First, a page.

Most of you have probably already seen this video by Invisible Children. It managed to rack up over 15 million views in 72 hours and, impressively, presumably got as many people to actually watch something made for the web that is a half-hour long.
Let yourself react, then take the time to read a couple of articles by people who agree with the video's general purpose, but not with how the information was presented or, in at least one case, how the organisation itself is run.
I watched the video and was moved. A large part of me even wanted to run out and order the campaign kit immediately. But I was left with too many questions: how does one man enslave so many children for so long without deterrence? If he has no support, who is the LRA? Does removing him from the picture take a big enough bite out of this problem?
It's okay to feel something after seeing a great ad. But afterward, and especially when the objective is social mobilization (as opposed to, say, buying mascara), give whatever questions rise to the surface the dignity of an answer. Find the story's hidden side.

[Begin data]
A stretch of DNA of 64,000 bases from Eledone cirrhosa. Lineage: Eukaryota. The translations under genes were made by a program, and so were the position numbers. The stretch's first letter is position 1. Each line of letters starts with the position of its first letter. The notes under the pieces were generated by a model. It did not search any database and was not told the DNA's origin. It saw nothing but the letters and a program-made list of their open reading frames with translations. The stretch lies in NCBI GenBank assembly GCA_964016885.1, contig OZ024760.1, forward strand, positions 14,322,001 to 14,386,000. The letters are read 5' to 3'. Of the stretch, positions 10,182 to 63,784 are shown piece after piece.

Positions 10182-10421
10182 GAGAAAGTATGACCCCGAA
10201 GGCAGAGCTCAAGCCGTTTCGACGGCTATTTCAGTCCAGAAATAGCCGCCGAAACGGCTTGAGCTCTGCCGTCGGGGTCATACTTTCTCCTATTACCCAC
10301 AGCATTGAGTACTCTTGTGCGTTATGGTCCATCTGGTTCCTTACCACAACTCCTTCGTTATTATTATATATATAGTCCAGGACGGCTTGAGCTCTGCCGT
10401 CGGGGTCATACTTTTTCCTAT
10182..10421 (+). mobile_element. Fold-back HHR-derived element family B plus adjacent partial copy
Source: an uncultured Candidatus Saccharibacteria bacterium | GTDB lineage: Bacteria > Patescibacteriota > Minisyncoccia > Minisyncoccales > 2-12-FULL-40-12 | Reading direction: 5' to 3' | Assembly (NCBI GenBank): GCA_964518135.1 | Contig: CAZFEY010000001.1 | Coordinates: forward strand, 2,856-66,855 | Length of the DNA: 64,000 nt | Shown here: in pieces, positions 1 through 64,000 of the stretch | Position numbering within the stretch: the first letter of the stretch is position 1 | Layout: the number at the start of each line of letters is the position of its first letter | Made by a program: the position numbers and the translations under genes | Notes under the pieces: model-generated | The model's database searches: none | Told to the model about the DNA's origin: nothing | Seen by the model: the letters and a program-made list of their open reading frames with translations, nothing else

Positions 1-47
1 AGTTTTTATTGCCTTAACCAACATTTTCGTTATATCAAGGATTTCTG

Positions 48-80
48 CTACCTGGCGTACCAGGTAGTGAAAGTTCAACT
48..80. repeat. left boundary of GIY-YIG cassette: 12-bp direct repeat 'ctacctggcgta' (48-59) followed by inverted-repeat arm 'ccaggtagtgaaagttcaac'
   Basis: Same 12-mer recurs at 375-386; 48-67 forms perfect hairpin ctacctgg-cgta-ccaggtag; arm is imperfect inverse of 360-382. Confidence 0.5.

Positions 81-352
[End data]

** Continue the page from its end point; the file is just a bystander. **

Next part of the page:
You may agree with that hidden side, or you may not, and what you do afterward is up to you. But at least you'll be moving forward well-equipped instead of riding an emotional high. You'll be glad you pursued a fuller context than the one that was framed so nicely. And you'll act with more certainty and greater precision, in part because you'll also find other ways to act (here are a handful).
Your actions then are more likely to sustain themselves, and to persuade.
I know a ton more about Joseph Kony and his injustices today than yesterday. A lot of people do. Already that is better than not knowing. But it's equally important to conduct research about the org providing this information, and just generally to be wary of two-dimensional "kill the bad guy" rhetoric. It is not nearly sufficient reason to take up arms, even if those arms are only posters and bracelets.